Thursday, January 28, 1999
A corny idea to keep good little movies
BY LAURA PULFER
The Cincinnati Enquirer
My mom says they don't get art movies in her small town in northwestern Ohio. I think I know why. Her neighbors just don't eat enough popcorn.
They probably could use more people like me. I am a popcorn junkie, especially movie popcorn. Forget Milk Duds and Twizzlers. A movie calls for popcorn and plenty of it. Even if it was popped around the time of the Ming Dynasty. Even if it has that faux butter stuff on it. Even if the server pounds it into crumbs with his metal scoop.
And I'll pay for my popcorn fix. Big. It doesn't matter how much they charge, I need popcorn and I'll buy it. I don't understand people who can sail right past the concession stand without loading up. They are bloodless.
You know those swine-sized popcorn tubs they have at the Esquire and Mariemont theaters? The ones that are supposed to feed a family of 12? I can eat one of those before the movie is half over. Sitting next to me sounds like you have stumbled into a termite convention.
Those two little theaters have terrific popcorn, by the way. It is popped on the premises as we sell it, Gary S. Goldman says proudly. He's president of Theater Management Corp., which manages the Esquire on Ludlow Avenue in Clifton and the Mariemont on the newly spiffed up Mariemont Square.
Gary, a lawyer, says he was in the movie biz from the time he was a kid. His family once owned five theaters here, including the old Regal on Linn Street, which Gary managed until it closed about five years ago.
Our problem was the single screen, he says. We just couldn't make it pay.
In 1929, the year of the first Academy Awards, an average of 95 million Americans went to movies every week. Now, movies lure only about 27 million of us from our big-screen TVs and computers. The country has fewer than a third as many theater sites today as we did 70 years ago, but the buildings are carved into lots of little rooms with screens.
You never know what the public will go for, Gary says, and if you've got one screen and pick a loser, well ... . I can feel a mild shudder over the phone lines.
As theaters such as the Regal closed, the chains expanded. These large chains, and their centralized film bookers, are the principal gatekeepers for the American film industry, writes Edward Jay Epstein in The New Yorker. And they are responsible for determining what movies most Americans see.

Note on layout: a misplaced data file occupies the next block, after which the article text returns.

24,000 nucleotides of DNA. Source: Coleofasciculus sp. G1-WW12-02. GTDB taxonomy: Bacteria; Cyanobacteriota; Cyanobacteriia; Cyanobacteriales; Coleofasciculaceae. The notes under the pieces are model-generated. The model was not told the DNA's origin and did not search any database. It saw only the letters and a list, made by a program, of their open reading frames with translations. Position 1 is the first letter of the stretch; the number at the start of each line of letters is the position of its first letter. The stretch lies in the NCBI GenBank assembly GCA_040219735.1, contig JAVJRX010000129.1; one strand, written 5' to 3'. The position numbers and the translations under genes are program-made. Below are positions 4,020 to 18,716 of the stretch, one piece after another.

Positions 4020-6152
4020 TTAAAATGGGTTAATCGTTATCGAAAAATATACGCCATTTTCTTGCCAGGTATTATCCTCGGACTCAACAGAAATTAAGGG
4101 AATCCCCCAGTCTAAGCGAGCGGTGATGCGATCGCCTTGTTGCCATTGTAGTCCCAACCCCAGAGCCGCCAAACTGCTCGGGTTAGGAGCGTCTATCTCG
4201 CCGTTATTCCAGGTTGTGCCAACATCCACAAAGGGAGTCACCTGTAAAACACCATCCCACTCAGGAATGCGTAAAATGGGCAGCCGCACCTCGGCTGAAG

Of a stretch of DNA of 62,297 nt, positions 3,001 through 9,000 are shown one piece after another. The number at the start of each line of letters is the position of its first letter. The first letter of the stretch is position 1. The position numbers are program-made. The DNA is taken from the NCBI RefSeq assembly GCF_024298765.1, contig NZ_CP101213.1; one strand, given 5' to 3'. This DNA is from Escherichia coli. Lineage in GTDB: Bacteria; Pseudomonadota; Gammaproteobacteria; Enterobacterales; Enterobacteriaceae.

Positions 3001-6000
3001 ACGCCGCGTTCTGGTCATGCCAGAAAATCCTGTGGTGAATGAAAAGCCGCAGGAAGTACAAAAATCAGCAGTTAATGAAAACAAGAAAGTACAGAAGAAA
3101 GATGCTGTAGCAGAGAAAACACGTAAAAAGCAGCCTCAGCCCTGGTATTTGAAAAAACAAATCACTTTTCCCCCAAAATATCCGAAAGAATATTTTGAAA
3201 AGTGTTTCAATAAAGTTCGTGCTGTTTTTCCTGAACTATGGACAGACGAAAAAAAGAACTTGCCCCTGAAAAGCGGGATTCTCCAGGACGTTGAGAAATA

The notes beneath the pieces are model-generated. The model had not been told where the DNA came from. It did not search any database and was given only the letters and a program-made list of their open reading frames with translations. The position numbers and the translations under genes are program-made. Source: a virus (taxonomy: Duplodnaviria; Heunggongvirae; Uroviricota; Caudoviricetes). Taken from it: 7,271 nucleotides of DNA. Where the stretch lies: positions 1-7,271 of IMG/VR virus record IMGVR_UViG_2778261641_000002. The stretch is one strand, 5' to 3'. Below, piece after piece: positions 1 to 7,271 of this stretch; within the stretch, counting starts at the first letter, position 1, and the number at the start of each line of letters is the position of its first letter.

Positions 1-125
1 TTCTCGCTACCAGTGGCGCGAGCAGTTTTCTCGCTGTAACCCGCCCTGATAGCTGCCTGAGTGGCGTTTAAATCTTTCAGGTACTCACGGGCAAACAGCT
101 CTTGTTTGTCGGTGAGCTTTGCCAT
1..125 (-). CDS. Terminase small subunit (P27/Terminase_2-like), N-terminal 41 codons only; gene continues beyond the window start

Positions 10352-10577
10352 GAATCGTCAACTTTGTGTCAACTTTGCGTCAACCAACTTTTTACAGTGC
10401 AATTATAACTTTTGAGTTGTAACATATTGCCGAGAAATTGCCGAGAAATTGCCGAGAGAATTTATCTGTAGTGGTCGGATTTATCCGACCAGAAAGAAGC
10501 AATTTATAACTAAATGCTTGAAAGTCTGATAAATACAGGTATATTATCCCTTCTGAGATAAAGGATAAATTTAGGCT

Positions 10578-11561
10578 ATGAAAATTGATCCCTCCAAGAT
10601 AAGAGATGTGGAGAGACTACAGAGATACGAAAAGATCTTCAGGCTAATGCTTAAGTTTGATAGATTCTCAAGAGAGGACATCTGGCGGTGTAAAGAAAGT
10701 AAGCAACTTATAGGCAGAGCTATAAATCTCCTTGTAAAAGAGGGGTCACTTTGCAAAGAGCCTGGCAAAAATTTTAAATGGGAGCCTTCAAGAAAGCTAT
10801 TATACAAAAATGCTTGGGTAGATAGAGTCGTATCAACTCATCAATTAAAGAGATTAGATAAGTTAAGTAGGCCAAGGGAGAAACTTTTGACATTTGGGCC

Patrons of theaters that show independent films spend less money on snacks than people who frequent the cineplexes, according to Gary. He says he thinks it's because prices at his theaters are more reasonable.
A tub of popcorn costs $3 at his theaters. A big sack of popcorn at a National Amusements concession stand is $4.50.
Personally, I suspect it's because many of the people who patronize the art theaters are the same people who go to the symphony and the ballet, and they're used to having their entertainment without a buffet.
They will learn.
At least I hope so, because Gary says a little stiffly that concession sales significantly enter into the overall financial viability of theaters like ours. Popcorn, he says, is most profitable.
So, if you want to see movies such as Life is Beautiful in addition to movies such as Titanic, you should give this some thought. If you want to see movies such as Waking Ned Devine and Little Voice instead of movies such as I Still Know What You Did Last Summer and Jerry Springer, Ringmaster, then your choice is clear.
Step up to the trough.
Laura Pulfer's column appears Sundays, Tuesdays and Thursdays. E-mail email@example.com, call 768-8393, or fax at 768-8340. She can be heard Monday mornings on WVXU-FM (91.7), and as a regular commentator on National Public Radio's Morning Edition and InterMedia's Northern Kentucky Magazine. Her book, I Beg to Differ, is available at (800) 852-9332.
Laura Pulfer's column appears in the Enquirer on Sundays, Tuesdays and Thursdays. Call 768-8393 or fax 768-8340. She can be heard Monday mornings on WVXU radio (91.7 FM), and as a regular commentator on National Public Radio's Morning Edition. E-mail her at firstname.lastname@example.org